Explaining the need for the changes, St Helier Councillor David Callaghan said: “At the moment the steps are like ready-made seats so changes will be made to make the area less attractive to young people.

It’s well worth reading the readers’ comments, since – to many people’s apparent shock – Emma, a ‘young person’, actually read the article and responded with her thoughts and concerns, spurring the debate into what seems to be a microcosm of the attitudes, assumptions, prejudices and paranoia that define modern Britain’s schizophrenic attitude to its ‘young people’. The councillor quoted above responded too – near the bottom of the page – and Adrian’s demolition of his ‘understanding’ of young people is direct and eloquent:

One thing young people and older people have in common is a desire to be left alone to do their own thing, provided that they are not causing trouble to others. People like Emma and her friends are not. They do not want to be told that they can go to one place but not another. They do not want to be cajoled, corralled and organised by the state — they get enough of that at school. They certainly do not want to be disadvantaged as a group because those in charge — you — are unable to deal appropriately with a tiny minority of troublemakers in their midst.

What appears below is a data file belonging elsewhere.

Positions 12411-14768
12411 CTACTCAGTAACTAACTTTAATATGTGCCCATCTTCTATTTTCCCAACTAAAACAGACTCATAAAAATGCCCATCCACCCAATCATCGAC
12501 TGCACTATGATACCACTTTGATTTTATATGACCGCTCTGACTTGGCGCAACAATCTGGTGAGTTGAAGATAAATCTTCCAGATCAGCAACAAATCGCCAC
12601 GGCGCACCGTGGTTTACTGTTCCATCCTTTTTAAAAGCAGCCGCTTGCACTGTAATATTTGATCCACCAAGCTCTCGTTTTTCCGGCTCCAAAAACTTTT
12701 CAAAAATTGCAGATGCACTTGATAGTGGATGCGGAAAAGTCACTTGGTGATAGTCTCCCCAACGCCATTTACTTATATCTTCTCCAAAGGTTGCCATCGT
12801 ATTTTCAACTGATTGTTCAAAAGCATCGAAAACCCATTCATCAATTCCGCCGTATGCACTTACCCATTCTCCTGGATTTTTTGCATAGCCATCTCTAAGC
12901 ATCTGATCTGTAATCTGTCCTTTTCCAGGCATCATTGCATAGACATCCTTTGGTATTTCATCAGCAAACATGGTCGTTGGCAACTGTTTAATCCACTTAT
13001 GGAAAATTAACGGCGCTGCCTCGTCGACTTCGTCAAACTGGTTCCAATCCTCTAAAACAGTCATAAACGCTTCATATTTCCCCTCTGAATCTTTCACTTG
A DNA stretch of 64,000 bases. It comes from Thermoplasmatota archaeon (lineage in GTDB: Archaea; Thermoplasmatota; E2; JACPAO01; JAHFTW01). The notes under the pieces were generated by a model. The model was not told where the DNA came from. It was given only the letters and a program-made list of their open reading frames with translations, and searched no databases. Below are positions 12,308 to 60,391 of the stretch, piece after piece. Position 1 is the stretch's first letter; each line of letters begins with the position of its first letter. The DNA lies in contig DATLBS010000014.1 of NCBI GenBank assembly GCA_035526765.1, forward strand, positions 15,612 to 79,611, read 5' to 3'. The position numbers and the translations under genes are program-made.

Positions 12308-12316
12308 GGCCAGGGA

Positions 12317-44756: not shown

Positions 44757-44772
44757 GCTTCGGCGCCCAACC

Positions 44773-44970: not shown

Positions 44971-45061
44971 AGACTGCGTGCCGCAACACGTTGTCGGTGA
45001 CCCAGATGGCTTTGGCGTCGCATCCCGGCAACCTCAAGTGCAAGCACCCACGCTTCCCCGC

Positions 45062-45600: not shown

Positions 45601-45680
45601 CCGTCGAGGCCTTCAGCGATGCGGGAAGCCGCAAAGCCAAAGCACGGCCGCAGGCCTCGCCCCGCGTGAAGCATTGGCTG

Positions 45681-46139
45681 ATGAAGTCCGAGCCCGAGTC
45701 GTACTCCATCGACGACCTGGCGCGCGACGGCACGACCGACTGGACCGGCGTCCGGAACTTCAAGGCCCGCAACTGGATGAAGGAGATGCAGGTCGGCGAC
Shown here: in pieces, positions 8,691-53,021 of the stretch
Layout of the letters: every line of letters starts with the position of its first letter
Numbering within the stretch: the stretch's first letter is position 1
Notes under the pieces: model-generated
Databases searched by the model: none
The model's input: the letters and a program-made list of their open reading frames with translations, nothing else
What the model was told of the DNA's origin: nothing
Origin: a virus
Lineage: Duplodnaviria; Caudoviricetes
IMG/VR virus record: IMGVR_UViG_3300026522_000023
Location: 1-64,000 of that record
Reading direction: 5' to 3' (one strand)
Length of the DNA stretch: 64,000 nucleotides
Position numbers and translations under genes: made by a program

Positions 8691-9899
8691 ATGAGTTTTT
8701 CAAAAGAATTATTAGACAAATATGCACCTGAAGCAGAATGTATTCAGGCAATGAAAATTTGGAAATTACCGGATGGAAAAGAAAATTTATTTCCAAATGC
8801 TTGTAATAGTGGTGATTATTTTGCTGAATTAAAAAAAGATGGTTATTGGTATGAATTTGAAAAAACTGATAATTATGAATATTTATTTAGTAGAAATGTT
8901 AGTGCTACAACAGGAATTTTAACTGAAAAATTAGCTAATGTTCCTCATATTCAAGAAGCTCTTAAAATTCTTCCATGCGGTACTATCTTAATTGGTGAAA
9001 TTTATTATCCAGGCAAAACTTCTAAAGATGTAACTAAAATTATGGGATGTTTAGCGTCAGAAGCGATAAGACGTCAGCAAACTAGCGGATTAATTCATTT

EDIT: Adrian sends me a link to the council’s proposal [PDF, 55 kb] which contains a few real gems – as he puts it:

I really have no idea how they can write things like this with a straight face:

“It is normal practice to provide handrails to assist pedestrians. However, these have purposely been omitted from the proposals, as they could provide loiterers with something to lean against.”

and then,

“The scheme will cater for all sections of the local community.”

Wow.

Digital control round-up

An 'Apple' dongle

Mac as a giant dongle

At Coding Horror, Jeff Atwood makes an interesting point about Apple’s lock-in business model:

It’s almost first party only– about as close as you can get to a console platform and still call yourself a computer… when you buy a new Mac, you’re buying a giant hardware dongle that allows you to run OS X software.

There’s nothing harder to copy than an entire MacBook. When the dongle — or, if you prefer, the “Apple Mac” — is present, OS X and Apple software runs. It’s a remarkably pretty, well-designed machine, to be sure. But let’s not kid ourselves: it’s also one hell of a dongle.

If the above sounds disapproving in tone, perhaps it is. There’s something distasteful to me about dongles, no matter how cool they may be.

Of course, as with other dongles, there are plenty of people who’ve got round the Mac hardware ‘dongle’ requirement. Is it true to say (à la John Gilmore) that technical people interpret lock-ins (/other constraints) as damage and route around them?

Screenshot of Mukurtu archive website

Social status-based DRM